In case anyone didn’t already know it wasn’t allowed, California state regulators just put the kibosh on hopes for bars and pubs where people can consume both marijuana and alcohol. They also shot down the idea of producing beverages that blend the two substances together.
For now—or at least until state law changes to specifically allow it—any mixing of America’s two favorite intoxicants are prohibited in the country’s largest recreational marijuana market, according to a new memo issued on Wednesday by the state Department of Alcoholic Beverage Control (ABC).
Per to the document, published on the state’s Cannabis Portal website, it is currently illegal to:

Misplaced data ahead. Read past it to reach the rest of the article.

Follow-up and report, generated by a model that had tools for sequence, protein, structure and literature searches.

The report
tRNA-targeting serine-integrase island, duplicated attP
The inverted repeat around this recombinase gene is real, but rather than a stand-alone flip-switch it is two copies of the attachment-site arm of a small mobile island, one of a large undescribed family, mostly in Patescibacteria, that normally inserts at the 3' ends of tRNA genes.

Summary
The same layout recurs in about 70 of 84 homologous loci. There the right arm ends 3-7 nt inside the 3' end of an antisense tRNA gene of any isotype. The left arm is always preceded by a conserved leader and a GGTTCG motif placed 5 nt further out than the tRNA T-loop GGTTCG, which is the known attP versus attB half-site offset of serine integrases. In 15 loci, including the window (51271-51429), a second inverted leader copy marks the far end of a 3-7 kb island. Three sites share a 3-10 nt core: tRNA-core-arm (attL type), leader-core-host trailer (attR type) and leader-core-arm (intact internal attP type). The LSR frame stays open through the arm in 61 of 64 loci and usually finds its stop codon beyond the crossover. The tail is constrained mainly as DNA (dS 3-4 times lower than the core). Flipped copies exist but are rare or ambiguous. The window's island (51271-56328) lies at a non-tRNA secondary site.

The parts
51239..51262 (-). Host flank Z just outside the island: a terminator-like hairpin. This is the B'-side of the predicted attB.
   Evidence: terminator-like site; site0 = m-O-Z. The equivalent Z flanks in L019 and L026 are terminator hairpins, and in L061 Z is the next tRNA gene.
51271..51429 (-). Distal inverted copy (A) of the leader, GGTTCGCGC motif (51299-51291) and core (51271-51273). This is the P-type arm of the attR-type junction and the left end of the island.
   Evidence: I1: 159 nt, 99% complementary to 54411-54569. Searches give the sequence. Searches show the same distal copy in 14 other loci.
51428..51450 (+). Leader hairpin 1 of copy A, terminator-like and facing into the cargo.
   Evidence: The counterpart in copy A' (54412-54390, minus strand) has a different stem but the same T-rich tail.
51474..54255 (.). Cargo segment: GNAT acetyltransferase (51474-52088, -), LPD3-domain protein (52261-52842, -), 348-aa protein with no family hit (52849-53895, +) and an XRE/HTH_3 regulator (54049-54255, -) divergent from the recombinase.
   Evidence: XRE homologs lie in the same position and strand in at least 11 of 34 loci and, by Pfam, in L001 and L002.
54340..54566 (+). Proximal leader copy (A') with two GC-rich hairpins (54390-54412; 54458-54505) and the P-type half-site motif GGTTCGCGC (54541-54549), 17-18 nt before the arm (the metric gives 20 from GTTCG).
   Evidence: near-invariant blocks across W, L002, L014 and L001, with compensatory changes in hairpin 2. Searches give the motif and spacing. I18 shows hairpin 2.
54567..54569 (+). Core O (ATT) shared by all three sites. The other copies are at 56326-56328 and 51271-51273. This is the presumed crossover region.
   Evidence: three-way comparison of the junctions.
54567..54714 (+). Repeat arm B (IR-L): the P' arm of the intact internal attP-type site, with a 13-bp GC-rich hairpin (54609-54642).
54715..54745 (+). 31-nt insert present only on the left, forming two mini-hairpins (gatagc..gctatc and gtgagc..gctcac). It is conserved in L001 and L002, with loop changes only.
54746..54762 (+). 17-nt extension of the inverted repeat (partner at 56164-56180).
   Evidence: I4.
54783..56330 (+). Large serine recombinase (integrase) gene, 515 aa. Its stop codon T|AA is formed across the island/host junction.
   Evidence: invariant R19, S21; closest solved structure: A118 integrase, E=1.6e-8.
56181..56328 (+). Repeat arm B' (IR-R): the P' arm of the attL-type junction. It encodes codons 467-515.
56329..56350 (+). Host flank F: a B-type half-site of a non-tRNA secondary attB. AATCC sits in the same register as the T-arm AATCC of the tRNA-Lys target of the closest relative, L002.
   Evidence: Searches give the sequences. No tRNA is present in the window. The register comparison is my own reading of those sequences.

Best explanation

*Sell cannabis and alcoholic beverages at the same location;
*Allow bar patrons to bring their own cannabis to an ABC-licensed location (such as a bar) and allow them to consume it (though there are many bars and pubs that turn a blind eye to such behavior, and did well before recreational marijuana was legalized in California);
*Infuse alcoholic beverages with cannabis that contains THC or CBD;
*And, consistent with earlier direction from the state Health Department, infuse alcoholic beverages—or any other edible product—with CBD that’s derived from “industrial hemp,” which, under state and federal law, is defined as cannabis sativa with less than 0.3 percent THC.
California voters legalized recreational marijuana for adults 21 and over in the November 2016 election. Before and after—for medical cannabis, and later, for recreational marijuana— state lawmakers authorized a slew of rules governing commercial cannabis activity, including how and where it can be consumed.